It looks like a storm is coming. Allegations of sexual harassment and assault are being raised everywhere and now Westminster is going to face the brunt. Defence Secretary Michael Fallon has just resigned. But this is nothing new. And there is surely more to come.

Sex scandals and sleaze of all kinds are really crises of public morality. Although the same is true of the sexual assault allegations, such matters should not be conflated with sexual indiscretions and corruption. It is still safe to say though that the breakdown of public morality is what these cases have in common. This is certainly true of the allegations hitting the political class right now.

What we understand to be ‘public’ and ‘private’ is worth examining further. It wasn’t always the case that we thought of sexual conduct as a private matter between adults, yet it’s a very deeply ingrained idea at this stage. Even sexual misconduct has long been seen as a private matter. It’s only in the age of social media that these actions can be called out.

“Nothing in human life is inherently private,” Terry Eagleton wrote of the phone hacking scandal. “Certainly not urinating, defecating and copulating, which only a few centuries ago could be performed in public with no sense of shame. Bedrooms were not particularly private places in medieval Europe, and wanting to relieve yourself unobserved might be considered as eccentric as wanting to crack jokes in utter solitude.”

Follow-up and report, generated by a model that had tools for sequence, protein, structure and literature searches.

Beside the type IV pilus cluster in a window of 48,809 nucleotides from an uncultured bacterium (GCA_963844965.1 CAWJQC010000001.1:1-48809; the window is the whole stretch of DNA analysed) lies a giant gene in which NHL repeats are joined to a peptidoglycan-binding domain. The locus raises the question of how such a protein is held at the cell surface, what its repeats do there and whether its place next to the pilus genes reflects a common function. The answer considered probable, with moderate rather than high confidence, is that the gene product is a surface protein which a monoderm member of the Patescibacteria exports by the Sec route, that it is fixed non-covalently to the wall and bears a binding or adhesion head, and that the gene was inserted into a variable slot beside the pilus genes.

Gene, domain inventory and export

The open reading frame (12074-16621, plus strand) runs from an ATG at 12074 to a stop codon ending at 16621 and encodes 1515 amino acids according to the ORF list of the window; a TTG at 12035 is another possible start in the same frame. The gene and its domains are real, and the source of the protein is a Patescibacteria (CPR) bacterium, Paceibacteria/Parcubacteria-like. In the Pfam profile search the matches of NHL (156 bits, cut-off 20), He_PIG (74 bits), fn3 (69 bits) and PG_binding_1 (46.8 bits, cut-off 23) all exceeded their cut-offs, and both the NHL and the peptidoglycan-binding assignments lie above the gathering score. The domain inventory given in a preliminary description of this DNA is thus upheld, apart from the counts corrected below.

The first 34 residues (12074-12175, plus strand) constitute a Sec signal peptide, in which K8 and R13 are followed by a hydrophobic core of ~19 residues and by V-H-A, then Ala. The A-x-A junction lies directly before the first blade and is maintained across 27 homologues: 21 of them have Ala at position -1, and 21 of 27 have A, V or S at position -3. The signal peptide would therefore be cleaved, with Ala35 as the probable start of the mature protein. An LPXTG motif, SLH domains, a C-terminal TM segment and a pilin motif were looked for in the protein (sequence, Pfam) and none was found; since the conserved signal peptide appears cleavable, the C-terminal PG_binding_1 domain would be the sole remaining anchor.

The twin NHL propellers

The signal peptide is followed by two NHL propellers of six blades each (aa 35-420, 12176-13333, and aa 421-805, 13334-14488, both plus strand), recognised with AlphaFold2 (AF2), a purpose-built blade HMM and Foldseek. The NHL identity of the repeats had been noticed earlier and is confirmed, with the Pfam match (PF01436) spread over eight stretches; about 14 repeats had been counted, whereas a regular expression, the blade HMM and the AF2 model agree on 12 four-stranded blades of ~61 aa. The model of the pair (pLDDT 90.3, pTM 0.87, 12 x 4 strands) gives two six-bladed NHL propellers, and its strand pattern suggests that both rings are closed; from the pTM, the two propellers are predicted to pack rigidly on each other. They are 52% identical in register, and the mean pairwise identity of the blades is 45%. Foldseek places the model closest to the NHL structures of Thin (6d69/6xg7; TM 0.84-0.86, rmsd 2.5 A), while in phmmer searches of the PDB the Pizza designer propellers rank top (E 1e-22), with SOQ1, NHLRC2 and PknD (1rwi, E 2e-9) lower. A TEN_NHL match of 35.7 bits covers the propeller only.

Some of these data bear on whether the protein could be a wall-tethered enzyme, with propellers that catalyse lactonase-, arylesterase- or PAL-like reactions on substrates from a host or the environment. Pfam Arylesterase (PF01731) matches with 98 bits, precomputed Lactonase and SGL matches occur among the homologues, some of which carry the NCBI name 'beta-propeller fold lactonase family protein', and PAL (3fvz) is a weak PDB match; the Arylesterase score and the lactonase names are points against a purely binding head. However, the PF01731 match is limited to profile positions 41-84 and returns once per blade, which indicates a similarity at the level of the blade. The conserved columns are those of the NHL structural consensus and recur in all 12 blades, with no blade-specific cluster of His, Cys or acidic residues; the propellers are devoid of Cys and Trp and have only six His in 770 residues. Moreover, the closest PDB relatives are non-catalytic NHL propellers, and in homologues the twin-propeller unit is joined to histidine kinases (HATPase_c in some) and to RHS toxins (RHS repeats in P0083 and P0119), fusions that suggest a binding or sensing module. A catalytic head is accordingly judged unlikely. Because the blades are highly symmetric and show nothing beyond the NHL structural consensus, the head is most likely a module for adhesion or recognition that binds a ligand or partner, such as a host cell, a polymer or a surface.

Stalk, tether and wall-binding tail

What we once regarded as ‘public’ has since been tucked away into ‘private’ spaces. This was both a good thing for freeing up our sex lives, for example. However, it is also true that every advance gives rise to new limitations.

“The word ‘private’ is related to ‘privation’, suggesting that whatever is withdrawn from the public realm has no real existence. ‘Private’ meant ‘hands off’, but it also meant ‘of no great importance’,” Eagleton observed. “So if the person you slept with was of no great importance, what was wrong with having it broadcast to the world?”

When a sex scandal breaks out, what we’re really seeing is a private matter being opened up and brought back into public view. Before that point, the affair was really nonexistent in public terms and it was as if it had never happened in the first place. Yet, as we publicise the private, we should be reminded that the public was once privatised too – the two are interconnected.

I could quote Terry Eagleton all day. “In the end, it is because the media are driven by the power and wealth of private individuals that they turn private lives into public spectacles,” he said. “If every private life is now potentially public property, it is because private property has undermined public responsibility.”

Of course, the impact of this dynamic is not always straightforward and this is not an argument for avoiding dealing with the darkness of the private space. There are interesting cases where the publicising of the private is for the sake of the common good. Certainly this applies with cases of rape by political hacks, but it can also apply in the case of philandering politicians.